Howard Zinn on US Presidential Candidates

Question: Who do you endorse for President [in the 2008 US election]?

Howard Zinn: We have three candidates. We have a definite Republican candidate, [John] McCain. We have two Democratic candidates, Barack Obama and Hillary Clinton.

I certainly wouldn’t choose McCain, because McCain is a war hawk. This war in Iraq is one of the most disastrous things the United States has ever done for our people and certainly for the people of Iraq. McCain wanting to continue the war that [George W.] Bush started five years ago, McCain is absolutely repulsive to me.

Between Clinton and Obama, well both of them have promised to end the [Iraq] war, but I must say their proposals for bringing the troops out of Iraq are rather halfhearted and they talk about keeping troops there, or Barack Obama says, “Let’s take troops out of Iraq, send troops to Afghanistan.” Neither of them has shaken what Barack Obama rightly called the mindset that led to the Iraq war. The mindset is a mindset which sees war and military intervention as a solution. Neither of them has shaken that.

I’m not happy, as you can see, with any of the candidates. When I get to the voting booth, I will be forced against my will, because I want somebody else other than those three. I will be forced against my will to make a choice and I will probably choose Obama, because in many ways he represents something really different, a multi-racial person who is supported by a large number of young and enthusiastic people and who may, that is these young and enthusiastic people may, if he is elected, become a force that he has to reckon with and will push him in a better direction than he has shown so far.

Question: How can Americans live up to their potential?

Howard Zinn:  I think Americans need to recognize that they cannot depend on our political system to do the right thing.  Americans need to recognize that they have to create local institutions, organizations, town halls.  They have to create grassroots organizations which all over the country will speak to the national politicians in order to bring about change, both in foreign and domestic policy. 

In other words, I think Americans need to realize that they cannot limit their participation as citizens to go into the polls every several years to vote.  They must participate every day. 

Henry David Thoreau said, “We must vote with our arms, with our legs, with our feet, with our whole bodies.”  By that he meant people should be active and involved every day of the year if we are really going to have a democratic society.

 

Date Recorded: July 5, 2008

 

 

 

For Zinn, the 2008 US election comes down to the war.

Related Articles

Why Japan's hikikomori isolate themselves from others for years

These modern-day hermits can sometimes spend decades without ever leaving their apartments.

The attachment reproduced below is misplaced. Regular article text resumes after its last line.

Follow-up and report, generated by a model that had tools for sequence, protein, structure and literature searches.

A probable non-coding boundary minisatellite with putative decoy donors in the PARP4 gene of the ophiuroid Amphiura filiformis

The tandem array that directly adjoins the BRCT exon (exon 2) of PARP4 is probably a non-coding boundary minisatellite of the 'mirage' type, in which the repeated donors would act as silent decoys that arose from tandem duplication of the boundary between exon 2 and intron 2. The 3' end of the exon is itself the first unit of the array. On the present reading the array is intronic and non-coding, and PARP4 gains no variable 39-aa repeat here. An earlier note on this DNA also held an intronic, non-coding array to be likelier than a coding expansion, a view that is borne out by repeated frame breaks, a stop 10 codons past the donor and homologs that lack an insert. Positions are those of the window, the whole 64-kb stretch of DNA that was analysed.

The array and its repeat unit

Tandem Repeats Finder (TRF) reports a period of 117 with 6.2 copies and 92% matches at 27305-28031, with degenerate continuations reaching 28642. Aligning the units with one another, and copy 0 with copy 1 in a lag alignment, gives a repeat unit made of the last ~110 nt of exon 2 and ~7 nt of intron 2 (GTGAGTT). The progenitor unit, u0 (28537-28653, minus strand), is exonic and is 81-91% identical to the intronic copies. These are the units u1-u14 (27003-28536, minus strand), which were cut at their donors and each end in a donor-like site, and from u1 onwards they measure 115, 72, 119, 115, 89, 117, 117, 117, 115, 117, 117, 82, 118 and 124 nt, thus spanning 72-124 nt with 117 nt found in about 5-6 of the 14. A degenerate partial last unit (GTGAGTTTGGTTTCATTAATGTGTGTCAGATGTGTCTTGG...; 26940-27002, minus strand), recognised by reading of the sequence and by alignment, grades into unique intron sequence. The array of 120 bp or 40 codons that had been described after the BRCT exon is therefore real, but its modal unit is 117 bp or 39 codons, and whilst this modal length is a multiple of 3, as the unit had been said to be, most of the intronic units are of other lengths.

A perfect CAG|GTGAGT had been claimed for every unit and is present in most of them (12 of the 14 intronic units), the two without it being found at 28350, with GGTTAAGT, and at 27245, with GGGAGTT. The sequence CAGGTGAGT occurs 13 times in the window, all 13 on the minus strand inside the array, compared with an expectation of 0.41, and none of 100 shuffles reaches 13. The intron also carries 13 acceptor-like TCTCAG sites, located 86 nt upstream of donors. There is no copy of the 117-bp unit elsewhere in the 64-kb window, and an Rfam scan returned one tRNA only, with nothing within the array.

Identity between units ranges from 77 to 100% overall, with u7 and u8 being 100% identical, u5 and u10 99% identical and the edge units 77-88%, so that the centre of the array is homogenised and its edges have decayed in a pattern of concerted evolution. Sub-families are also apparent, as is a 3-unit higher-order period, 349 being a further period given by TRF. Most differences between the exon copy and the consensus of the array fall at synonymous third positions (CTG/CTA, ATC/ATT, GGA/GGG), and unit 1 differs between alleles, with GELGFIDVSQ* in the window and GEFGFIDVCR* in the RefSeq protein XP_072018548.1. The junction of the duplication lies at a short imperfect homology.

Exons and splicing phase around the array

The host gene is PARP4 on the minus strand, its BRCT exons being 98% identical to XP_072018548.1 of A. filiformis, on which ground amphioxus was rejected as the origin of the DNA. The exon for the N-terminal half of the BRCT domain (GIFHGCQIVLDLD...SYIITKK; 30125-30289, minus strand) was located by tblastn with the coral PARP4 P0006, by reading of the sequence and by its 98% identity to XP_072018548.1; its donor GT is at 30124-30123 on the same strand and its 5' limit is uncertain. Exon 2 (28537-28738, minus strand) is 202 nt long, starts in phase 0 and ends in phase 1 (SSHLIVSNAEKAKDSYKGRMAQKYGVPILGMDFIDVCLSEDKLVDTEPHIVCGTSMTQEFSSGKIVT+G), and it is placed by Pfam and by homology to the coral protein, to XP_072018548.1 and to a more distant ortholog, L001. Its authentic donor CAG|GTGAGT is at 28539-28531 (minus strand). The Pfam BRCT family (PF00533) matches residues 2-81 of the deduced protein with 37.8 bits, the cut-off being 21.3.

700,000 Japanese people are thought to be hikikomori, modern-day hermits who never leave their apartments (BEHROUZ MEHRI/AFP/Getty Images).
Mind & Brain
  • A hikikomori is a type of person in Japan who locks themselves away in their bedrooms, sometimes for years.
  • This is a relatively new phenomenon in Japan, likely due to rigid social customs and high expectations for academic and business success.
  • Many believe hikikomori to be a result of how Japan interprets and handles mental health issues.
Keep reading Show less

Scientists discover what caused the worst mass extinction ever

How a cataclysm worse than what killed the dinosaurs destroyed 90 percent of all life on Earth.

Credit: Ron Miller
Surprising Science

While the demise of the dinosaurs gets more attention as far as mass extinctions go, an even more disastrous event called "the Great Dying” or the “End-Permian Extinction” happened on Earth prior to that. Now scientists discovered how this cataclysm, which took place about 250 million years ago, managed to kill off more than 90 percent of all life on the planet.

Keep reading Show less

Why we're so self-critical of ourselves after meeting someone new

A new study discovers the “liking gap” — the difference between how we view others we’re meeting for the first time, and the way we think they’re seeing us.

New acquaintances probably like you more than you think. (Photo by Simone Joyner/Getty Images)
Surprising Science

We tend to be defensive socially. When we meet new people, we’re often concerned with how we’re coming off. Our anxiety causes us to be so concerned with the impression we’re creating that we fail to notice that the same is true of the other person as well. A new study led by Erica J. Boothby, published on September 5 in Psychological Science, reveals how people tend to like us more in first encounters than we’d ever suspect.

Keep reading Show less